Could your gastrointestinal tract be driving your autoimmune disorder? It sounds strange, but according to recent research, the answer may be yes. It turns out the idea of “leaky gut” may have more merit than we first believed. However, it isn’t food causing the problem — it’s gut bacteria escaping the G.I. tract and invading other tissues.
• ScienceDaily recently published data from Yale University researchers showing that bacteria found in the gut can sometimes travel outside of the G.I. tract. When these “bad bacteria” enter other areas of the body, the immune system considers them invaders and launches a response to help reduce their numbers or eliminate them entirely.
• This immune response is natural — and even desired — but it can be significantly disabling. Flu-like symptoms, inflammation, swelling, fever, and even joint or organ degeneration can occur depending on the bacteria in question and how an individual patient’s immune system reacts.
• One of the most common and problematic bacterias is Enterococcus gallinarum, a tiny little germ that normally lives innocuously inside your intestines. Scientists know that E. gallinarum has the ability to travel to the the lymph nodes, the liver, and spleen in a small number of patients.
• Normally, this translocated bacteria would be swiftly eliminated by your immune system and white blood cells. For some patients, this doesn’t seem to happen; instead, the body begins either attacking its own tissues and/or creating side effects to combat the perceived intruder, such as inflammation and swelling.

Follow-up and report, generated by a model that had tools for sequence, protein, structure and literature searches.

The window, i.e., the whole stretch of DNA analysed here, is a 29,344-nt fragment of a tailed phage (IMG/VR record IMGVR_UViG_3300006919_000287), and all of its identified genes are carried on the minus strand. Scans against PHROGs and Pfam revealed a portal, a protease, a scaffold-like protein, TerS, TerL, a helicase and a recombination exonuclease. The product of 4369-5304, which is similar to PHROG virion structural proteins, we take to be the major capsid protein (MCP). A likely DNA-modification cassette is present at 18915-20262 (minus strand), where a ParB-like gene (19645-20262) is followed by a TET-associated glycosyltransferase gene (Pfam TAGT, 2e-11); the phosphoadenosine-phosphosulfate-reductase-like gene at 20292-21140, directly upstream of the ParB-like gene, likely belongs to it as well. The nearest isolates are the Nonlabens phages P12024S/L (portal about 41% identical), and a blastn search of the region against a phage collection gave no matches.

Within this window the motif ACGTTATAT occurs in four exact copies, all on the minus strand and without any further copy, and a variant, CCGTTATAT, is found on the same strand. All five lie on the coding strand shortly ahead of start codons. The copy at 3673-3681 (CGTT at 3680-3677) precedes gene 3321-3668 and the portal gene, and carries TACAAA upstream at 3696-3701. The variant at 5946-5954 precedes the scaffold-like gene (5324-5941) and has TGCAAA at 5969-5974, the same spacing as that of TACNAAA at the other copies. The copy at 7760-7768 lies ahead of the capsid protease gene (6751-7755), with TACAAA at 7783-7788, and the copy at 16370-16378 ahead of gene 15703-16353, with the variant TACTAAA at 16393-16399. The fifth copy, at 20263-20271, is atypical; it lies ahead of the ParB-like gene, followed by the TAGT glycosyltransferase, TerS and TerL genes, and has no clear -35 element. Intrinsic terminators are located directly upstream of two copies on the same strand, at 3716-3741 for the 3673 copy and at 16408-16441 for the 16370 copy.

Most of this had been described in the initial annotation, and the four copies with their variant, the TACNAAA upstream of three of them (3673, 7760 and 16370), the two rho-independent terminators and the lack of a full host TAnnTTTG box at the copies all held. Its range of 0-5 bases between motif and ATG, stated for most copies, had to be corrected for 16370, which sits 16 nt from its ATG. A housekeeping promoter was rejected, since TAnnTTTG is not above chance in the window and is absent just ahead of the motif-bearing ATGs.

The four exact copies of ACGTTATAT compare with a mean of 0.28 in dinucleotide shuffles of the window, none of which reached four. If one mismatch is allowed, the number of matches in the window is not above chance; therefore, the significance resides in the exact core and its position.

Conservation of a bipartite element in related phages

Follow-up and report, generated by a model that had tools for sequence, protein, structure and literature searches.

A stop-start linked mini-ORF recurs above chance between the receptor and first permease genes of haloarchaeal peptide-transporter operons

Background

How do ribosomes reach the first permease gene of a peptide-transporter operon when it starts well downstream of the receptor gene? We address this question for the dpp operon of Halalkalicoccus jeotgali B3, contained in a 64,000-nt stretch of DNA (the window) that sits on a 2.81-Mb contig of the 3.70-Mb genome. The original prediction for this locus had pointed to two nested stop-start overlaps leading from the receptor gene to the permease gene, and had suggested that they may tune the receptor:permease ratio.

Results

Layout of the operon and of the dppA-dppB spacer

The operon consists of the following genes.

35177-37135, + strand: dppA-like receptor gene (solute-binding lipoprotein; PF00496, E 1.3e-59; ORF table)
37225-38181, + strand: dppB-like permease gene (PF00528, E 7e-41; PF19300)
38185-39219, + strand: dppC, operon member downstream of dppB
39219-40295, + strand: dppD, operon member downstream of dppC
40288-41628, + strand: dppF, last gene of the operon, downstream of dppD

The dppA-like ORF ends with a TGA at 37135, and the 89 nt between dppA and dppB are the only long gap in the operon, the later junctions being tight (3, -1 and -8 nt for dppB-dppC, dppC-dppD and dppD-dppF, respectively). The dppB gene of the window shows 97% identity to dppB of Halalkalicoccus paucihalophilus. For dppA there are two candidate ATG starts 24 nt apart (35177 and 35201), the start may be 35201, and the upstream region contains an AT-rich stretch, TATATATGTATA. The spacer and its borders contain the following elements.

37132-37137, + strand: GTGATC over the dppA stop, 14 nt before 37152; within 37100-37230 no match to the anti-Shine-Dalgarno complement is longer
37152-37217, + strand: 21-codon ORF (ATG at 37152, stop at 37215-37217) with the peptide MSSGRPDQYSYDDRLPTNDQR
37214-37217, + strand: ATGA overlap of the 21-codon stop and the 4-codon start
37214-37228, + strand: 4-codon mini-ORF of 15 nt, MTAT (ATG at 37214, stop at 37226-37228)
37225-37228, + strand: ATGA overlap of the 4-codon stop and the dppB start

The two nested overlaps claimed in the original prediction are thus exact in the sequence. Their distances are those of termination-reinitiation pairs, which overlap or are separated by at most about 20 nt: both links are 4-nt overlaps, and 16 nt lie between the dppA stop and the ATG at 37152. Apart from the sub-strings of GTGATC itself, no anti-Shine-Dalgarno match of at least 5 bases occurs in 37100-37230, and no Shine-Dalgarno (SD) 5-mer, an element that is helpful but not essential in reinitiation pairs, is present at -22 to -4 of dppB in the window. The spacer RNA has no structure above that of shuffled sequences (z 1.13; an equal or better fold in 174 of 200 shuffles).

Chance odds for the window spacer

• E. gallinarum also causes the body to produce antibodies (your immune system’s own natural defense against bacteria or viruses) in an effort to shed the problem bacteria. These antibodies have a cascade of side effects that produce many of the same symptoms identified in autoimmune liver, spleen, and tissue diseases.
• Here’s what’s promising: researchers who targeted E. gallinarum with antibiotic therapy were successfully able to wipe it out from extraneous tissues. The growth rate of the bacteria was severely stunted, and autoimmune symptoms shrank or even disappeared as a direct result.
• Because E. gallinarum does play an important role in the G.I. tract, researchers had to be creative. They found a way to deliver the drug into the system, targeting traveling bacteria, without harming gut populations by injecting antibiotics directly into large muscle groups. This intramuscular injection allowed the antibiotic to attack the germ without entering the gastrointestinal tract.
• Senior author Martin Kriegel, M.D explains it best. “”When we blocked the pathway leading to inflammation, we could reverse the effect of this bug on autoimmunity,” he said. “Treatment with an antibiotic and other approaches such as vaccination are promising ways to improve the lives of patients with autoimmune disease.
• However, Kriegel was also quick to caution patients against assuming too much about the validity of this type of treatment in humans. “The vaccine against E. gallinarum was a specific approach, as vaccinations against other bacteria we investigated did not prevent mortality and autoimmunity.”
• That said, the finding is important because it could tell researchers how to target and protect patients suffering from autoimmune diseases, such as lupus or rheumatoid arthritis. The gastrointestinal tract contains thousands of such “invaders,” not all of which are negative or positive. Future research may look at specifically targeting any of these bacteria to improve health or eliminate illness.